(Bloomberg) -- The euro zone’s slide toward a double-dip recession accelerated in January as extended pandemic lockdowns shut businesses.
IHS Markit’s gauge of private-sector activity fell to 47.5 -- a measure below 50 signals contraction -- and services shrank at the second-fastest rate since May.
Manufacturers, who have been hit less than service providers by coronavirus restrictions, remained largely upbeat about the next 12 months, though they are also grappling with challenges. Supplier delivery times rose the most since the data started being collected in 1997, with the exception of last April when factories closed worldwide, and input costs rose at the fastest pace in two years.
“A double-dip recession for the euro-zone economy is looking increasingly inevitable,” said Chris Williamson, chief business economist at IHS Markit. “Some encouragement comes from the downturn being less severe than in the spring of last year, reflecting the ongoing relative resilience of manufacturing, rising demand for exported goods and the lockdown measures having been less stringent on average than last year.”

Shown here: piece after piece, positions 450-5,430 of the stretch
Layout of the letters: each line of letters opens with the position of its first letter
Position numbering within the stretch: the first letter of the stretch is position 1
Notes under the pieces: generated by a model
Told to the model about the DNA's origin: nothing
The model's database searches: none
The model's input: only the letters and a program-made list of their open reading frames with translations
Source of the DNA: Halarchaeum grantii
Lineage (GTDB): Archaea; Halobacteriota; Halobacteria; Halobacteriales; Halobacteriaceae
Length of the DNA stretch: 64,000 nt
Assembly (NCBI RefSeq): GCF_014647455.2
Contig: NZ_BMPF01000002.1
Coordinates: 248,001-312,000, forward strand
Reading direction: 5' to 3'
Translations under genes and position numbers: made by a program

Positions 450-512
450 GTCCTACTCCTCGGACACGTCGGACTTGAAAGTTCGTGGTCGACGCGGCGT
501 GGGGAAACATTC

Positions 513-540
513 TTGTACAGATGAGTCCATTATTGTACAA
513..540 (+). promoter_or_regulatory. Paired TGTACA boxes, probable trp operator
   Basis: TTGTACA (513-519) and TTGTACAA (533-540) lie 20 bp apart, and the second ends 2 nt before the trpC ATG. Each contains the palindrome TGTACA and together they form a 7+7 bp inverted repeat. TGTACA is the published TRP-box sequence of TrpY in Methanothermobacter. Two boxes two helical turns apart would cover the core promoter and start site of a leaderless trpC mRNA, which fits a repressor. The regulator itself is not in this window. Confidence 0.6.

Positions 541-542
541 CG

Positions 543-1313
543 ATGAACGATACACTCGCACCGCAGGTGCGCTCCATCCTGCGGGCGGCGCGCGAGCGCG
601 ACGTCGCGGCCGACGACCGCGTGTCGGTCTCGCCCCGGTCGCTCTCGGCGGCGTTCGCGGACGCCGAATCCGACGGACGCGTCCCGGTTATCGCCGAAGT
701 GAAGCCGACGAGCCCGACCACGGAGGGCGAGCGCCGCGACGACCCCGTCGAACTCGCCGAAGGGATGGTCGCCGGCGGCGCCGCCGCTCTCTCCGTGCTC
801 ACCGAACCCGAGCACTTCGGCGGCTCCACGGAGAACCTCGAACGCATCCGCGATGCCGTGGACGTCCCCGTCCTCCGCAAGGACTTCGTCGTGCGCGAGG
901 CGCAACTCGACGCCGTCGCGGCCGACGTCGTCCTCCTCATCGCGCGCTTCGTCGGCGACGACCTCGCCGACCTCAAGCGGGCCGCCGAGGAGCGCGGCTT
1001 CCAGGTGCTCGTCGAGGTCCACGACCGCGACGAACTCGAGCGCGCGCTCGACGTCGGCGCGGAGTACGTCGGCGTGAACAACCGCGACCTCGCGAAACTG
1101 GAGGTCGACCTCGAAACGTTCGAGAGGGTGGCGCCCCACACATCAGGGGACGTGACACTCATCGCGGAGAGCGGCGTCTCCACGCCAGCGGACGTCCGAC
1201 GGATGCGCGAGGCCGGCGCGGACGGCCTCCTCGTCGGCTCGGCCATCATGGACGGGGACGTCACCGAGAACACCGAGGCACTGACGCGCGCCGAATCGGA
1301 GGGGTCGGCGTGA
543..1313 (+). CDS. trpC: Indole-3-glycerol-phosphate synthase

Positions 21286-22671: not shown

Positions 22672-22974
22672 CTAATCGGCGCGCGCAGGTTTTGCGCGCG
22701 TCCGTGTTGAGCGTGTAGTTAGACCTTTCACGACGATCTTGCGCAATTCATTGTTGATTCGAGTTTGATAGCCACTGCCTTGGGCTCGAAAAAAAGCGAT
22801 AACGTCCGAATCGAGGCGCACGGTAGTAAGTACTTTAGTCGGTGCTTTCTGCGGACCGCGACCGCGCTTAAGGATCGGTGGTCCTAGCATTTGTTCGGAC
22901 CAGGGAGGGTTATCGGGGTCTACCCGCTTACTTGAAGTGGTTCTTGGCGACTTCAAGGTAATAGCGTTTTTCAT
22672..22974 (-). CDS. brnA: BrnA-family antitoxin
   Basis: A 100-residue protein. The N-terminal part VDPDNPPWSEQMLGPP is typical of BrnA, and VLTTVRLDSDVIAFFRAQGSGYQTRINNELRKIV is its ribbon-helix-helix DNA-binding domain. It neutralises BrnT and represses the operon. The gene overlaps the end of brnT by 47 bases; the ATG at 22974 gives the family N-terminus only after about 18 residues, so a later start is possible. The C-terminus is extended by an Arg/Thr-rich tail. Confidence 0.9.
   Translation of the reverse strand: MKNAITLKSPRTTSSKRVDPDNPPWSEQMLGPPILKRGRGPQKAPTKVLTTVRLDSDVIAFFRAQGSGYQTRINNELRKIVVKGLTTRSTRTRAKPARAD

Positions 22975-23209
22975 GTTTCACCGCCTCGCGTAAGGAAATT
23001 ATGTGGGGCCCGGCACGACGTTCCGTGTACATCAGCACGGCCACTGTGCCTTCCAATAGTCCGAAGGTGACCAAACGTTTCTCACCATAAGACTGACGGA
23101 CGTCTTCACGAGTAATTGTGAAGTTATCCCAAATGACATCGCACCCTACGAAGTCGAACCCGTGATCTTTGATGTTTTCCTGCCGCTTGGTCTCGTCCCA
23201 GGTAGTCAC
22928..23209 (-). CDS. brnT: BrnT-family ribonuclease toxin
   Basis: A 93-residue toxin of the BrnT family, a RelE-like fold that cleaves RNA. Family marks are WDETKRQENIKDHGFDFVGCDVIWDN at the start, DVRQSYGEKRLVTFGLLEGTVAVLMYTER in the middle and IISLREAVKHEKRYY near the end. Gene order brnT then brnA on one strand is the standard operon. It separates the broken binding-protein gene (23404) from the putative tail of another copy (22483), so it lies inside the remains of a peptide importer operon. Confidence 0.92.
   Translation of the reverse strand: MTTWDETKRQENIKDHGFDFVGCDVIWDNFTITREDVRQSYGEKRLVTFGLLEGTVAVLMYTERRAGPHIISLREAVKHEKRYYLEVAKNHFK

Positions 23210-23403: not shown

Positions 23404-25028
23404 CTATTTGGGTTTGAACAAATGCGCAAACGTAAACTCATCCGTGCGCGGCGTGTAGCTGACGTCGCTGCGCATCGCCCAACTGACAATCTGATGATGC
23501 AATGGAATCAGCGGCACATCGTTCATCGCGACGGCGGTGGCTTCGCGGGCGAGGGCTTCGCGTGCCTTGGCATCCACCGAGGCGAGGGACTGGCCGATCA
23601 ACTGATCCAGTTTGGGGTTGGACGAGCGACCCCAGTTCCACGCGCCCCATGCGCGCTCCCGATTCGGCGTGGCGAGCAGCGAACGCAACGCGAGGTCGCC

Germany posted growth, bolstered by its manufacturing sector, but at the weakest pace since July when a recovery from the first wave of lockdowns was under way. France and the rest of the euro zone as a whole saw a broad decline in output.
Employment across the currency bloc fell for an 11th month. Business expectations for the next 12 months fell back, after peaking in December, led by services.
European Central Bank President Christine Lagarde acknowledged the likelihood of another downturn on Thursday and said monetary and fiscal support must continue. She spoke after policy makers kept their current settings unchanged at their first meeting of the year.